RECENTLY ENTERED: a full Report on CHÂTEAUNEUF-DU-PAPE 2011 REDS. See THE LEADING WINES BY VINTAGE tab, then its side tab 2011 SOUTHERN RHÔNE. Some Domaine visits, also at CHÂTEAUNEUF-DU-PAPE: the promising DOMAINE DE LA BISCARELLE, the seasoned DOMAINE DE LA VIEILLE JULIENNE, where interesting, more terroir-focused changes have occurred since the 2010 vintage, and the peerless, Ne Plus Ultra CHÂTEAU RAYAS, whose 2011s are astounding. Also, the rock steady CLOS DES PAPES, always much sought after, the authentic DOMAINE LUCIEN BARROT & FILS of RÉGIS BARROT, who now he is past 60, spends half the year living on the beach with his new wife in the Philippines, and is set to hand on to his niece CHRISTELLE.
MID-FEBRUARY 2013: Can one have just too much of a good thing? A new James Bond film every month, a football World Cup every year, Glyndebourne Operas every day, champagne and caviar likewise? Well, unease is creeping into some areas of organic winemaking. The main reason I suspect is over supply.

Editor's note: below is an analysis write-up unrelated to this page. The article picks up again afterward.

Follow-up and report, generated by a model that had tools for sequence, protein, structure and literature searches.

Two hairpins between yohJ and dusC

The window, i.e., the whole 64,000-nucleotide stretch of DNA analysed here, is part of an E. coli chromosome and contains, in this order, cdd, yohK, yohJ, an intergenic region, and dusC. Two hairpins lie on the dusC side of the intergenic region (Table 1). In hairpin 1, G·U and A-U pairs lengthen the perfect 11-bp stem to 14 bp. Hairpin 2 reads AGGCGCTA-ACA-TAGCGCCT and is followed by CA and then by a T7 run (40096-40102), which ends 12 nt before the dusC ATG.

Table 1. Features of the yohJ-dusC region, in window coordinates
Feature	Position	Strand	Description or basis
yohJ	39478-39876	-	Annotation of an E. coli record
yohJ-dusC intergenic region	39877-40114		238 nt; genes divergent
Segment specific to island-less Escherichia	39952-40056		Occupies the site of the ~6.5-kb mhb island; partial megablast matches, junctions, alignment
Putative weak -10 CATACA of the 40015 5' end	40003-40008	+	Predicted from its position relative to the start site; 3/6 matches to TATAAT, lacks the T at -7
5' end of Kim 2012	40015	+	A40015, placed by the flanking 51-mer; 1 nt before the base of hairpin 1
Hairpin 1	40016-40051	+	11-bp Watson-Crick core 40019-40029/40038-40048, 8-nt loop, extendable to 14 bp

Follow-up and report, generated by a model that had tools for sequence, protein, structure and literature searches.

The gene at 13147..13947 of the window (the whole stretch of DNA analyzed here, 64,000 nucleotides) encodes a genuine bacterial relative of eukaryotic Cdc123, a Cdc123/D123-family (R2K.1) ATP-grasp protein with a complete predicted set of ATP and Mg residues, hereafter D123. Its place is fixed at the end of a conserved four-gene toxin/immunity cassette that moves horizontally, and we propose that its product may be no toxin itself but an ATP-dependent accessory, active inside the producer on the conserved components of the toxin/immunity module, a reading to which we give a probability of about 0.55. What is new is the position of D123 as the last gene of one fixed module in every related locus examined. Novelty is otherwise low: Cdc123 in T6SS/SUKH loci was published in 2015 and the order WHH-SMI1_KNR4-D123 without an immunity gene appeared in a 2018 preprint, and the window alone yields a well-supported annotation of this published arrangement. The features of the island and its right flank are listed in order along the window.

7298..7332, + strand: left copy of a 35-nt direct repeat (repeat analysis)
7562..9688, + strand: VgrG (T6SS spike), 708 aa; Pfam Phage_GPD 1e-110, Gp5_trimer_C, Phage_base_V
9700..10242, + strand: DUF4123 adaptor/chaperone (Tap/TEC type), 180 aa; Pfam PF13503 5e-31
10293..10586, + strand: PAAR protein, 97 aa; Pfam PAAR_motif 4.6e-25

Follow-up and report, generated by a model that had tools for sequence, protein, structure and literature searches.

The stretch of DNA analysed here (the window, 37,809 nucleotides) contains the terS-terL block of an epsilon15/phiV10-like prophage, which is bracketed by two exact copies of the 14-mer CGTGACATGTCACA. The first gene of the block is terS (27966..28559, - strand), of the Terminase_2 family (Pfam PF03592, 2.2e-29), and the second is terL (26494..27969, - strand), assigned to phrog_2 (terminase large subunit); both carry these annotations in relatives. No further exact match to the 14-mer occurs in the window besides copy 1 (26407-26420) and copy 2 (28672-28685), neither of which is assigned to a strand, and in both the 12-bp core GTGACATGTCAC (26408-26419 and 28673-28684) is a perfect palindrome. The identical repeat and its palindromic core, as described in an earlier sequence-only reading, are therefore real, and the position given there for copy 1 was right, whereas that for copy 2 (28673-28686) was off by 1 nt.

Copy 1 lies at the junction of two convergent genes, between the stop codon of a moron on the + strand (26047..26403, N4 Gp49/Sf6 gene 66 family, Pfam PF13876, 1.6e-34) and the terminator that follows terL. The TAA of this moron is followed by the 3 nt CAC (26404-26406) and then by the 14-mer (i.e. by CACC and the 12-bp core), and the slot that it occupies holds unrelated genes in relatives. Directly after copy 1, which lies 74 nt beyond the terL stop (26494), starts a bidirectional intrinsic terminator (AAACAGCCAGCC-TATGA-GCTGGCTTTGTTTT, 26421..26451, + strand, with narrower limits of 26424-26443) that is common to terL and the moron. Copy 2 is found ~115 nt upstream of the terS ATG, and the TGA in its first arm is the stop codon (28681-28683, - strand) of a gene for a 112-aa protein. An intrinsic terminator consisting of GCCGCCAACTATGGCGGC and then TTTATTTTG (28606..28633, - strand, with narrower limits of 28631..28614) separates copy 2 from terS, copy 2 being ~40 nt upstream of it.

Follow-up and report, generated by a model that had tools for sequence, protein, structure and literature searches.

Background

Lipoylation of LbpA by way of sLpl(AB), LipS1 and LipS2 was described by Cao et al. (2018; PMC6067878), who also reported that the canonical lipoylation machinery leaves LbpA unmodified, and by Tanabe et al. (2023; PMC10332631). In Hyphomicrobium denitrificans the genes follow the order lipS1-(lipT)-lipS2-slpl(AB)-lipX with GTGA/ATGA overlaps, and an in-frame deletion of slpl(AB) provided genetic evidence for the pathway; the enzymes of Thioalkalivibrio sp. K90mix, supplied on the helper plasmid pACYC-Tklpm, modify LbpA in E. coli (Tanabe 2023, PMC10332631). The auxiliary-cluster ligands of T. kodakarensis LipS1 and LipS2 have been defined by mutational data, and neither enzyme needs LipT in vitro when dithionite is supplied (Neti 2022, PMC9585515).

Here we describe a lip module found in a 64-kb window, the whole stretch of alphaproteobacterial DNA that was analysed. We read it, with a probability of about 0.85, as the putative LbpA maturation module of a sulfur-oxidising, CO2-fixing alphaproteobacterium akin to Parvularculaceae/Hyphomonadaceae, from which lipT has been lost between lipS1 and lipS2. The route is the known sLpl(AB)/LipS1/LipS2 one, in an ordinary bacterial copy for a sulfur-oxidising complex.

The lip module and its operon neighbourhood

Going organic – “bio” as the French term it – is certainly a passport to respectability, actually a rather devalued currency as there has been a landslide of arrivistes wanting to climb aboard the chic, save the planet wagon. This is no doubt much to the disdain or even disgust of the true pioneers, domaines such as MARCEL LAPIERRE in Morgon, and in the Rhône, GRAMENON near Valréas and DARD & RIBO at Crozes-Hermitage, to say nothing of the CHÂTEAU DE BEAUCASTEL and DOMAINE PIERRE ANDRÉ at Châteauneuf-du-Pape, who have been organic for longer than I have been covering the Rhône, but make very little fanfare about it.